The move took NSW one step closer to becoming clear of equine influenza, said Primary Industries Minister Ian Macdonald.
"This is another step towards having NSW horse flu free by the end of March," he said.
"There are currently infected horses on less than 50 properties in NSW and no new EI infections have been detected since December 21. These are certainly hopeful signs."
Mr Macdonald said the co-operation and support of horse owners has been crucial in getting to this point.
"They must remain vigilant and continue their efforts until we have finally won this battle. Only then can we reap the rewards for all the hardships endured over the last five months.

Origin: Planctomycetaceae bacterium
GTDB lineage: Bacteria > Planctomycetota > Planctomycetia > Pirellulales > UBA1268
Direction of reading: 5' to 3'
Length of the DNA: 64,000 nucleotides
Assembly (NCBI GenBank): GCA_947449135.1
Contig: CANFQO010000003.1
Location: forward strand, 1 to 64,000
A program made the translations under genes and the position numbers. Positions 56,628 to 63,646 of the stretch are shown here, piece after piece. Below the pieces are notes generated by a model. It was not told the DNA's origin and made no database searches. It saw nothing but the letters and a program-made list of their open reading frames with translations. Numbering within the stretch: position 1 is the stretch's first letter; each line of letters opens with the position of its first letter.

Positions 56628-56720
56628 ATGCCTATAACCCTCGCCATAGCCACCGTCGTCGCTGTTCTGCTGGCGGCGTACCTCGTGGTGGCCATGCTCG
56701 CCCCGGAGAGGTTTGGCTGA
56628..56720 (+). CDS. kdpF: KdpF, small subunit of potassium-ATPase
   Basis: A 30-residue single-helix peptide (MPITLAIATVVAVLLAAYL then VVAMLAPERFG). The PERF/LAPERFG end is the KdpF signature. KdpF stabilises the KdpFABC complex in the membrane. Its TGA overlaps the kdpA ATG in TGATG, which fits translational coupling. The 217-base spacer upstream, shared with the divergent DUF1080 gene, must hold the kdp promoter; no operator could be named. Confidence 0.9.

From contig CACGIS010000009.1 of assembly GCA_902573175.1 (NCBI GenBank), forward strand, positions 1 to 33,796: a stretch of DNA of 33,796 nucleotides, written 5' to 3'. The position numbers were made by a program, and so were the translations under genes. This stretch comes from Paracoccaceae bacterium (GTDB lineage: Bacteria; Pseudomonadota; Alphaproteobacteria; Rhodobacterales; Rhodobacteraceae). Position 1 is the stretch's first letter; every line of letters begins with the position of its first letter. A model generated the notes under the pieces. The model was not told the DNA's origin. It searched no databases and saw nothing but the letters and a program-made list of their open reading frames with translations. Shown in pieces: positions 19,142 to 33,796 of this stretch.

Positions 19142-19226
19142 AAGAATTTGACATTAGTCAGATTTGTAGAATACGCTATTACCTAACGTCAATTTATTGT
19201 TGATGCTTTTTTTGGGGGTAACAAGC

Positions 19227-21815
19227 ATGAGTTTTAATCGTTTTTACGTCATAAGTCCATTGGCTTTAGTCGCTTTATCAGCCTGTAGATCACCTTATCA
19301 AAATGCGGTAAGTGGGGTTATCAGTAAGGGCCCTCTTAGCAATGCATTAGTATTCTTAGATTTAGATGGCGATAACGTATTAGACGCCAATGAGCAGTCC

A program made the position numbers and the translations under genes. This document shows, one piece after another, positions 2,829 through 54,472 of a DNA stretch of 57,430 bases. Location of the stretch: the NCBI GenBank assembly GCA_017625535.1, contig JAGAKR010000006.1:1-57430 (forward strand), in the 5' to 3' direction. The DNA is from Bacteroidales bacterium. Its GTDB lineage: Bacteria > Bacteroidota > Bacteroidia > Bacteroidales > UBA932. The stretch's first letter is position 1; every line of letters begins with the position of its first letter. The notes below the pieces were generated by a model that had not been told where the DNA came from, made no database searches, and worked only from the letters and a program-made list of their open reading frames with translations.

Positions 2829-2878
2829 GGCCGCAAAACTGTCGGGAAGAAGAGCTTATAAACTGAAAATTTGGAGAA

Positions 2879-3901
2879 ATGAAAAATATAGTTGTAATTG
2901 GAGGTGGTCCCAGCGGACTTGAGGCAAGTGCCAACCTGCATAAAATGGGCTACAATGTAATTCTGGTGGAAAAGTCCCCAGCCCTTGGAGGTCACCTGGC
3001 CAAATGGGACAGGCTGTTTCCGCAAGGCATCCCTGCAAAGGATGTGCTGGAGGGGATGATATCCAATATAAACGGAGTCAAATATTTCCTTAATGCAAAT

"It remains vital in the short term to report sick horses, enforce bio-security and abide by movement restrictions."
The areas that have gone to amber are: Dubbo, Wellington, Narrabri, Gunnedah, Parkes, Forbes, Walcha and parts of the Grenfell district.
"These areas are now part of the lower risk amber zone where there is still a risk of infection, but no known infection," the minister said.
"The green zone has also been marginally increased by less than 1% of NSW to free up movement restrictions for some horses previously in the amber zone.
"Extending the green zone has enabled movement restrictions to be eased in some areas near Dubbo, Wellington, Young, Southern Highlands, Illawarra and along the Queensland border.
"A total of 86% of NSW is now protected green zone, 9% is amber, 2% is red and 3% purple."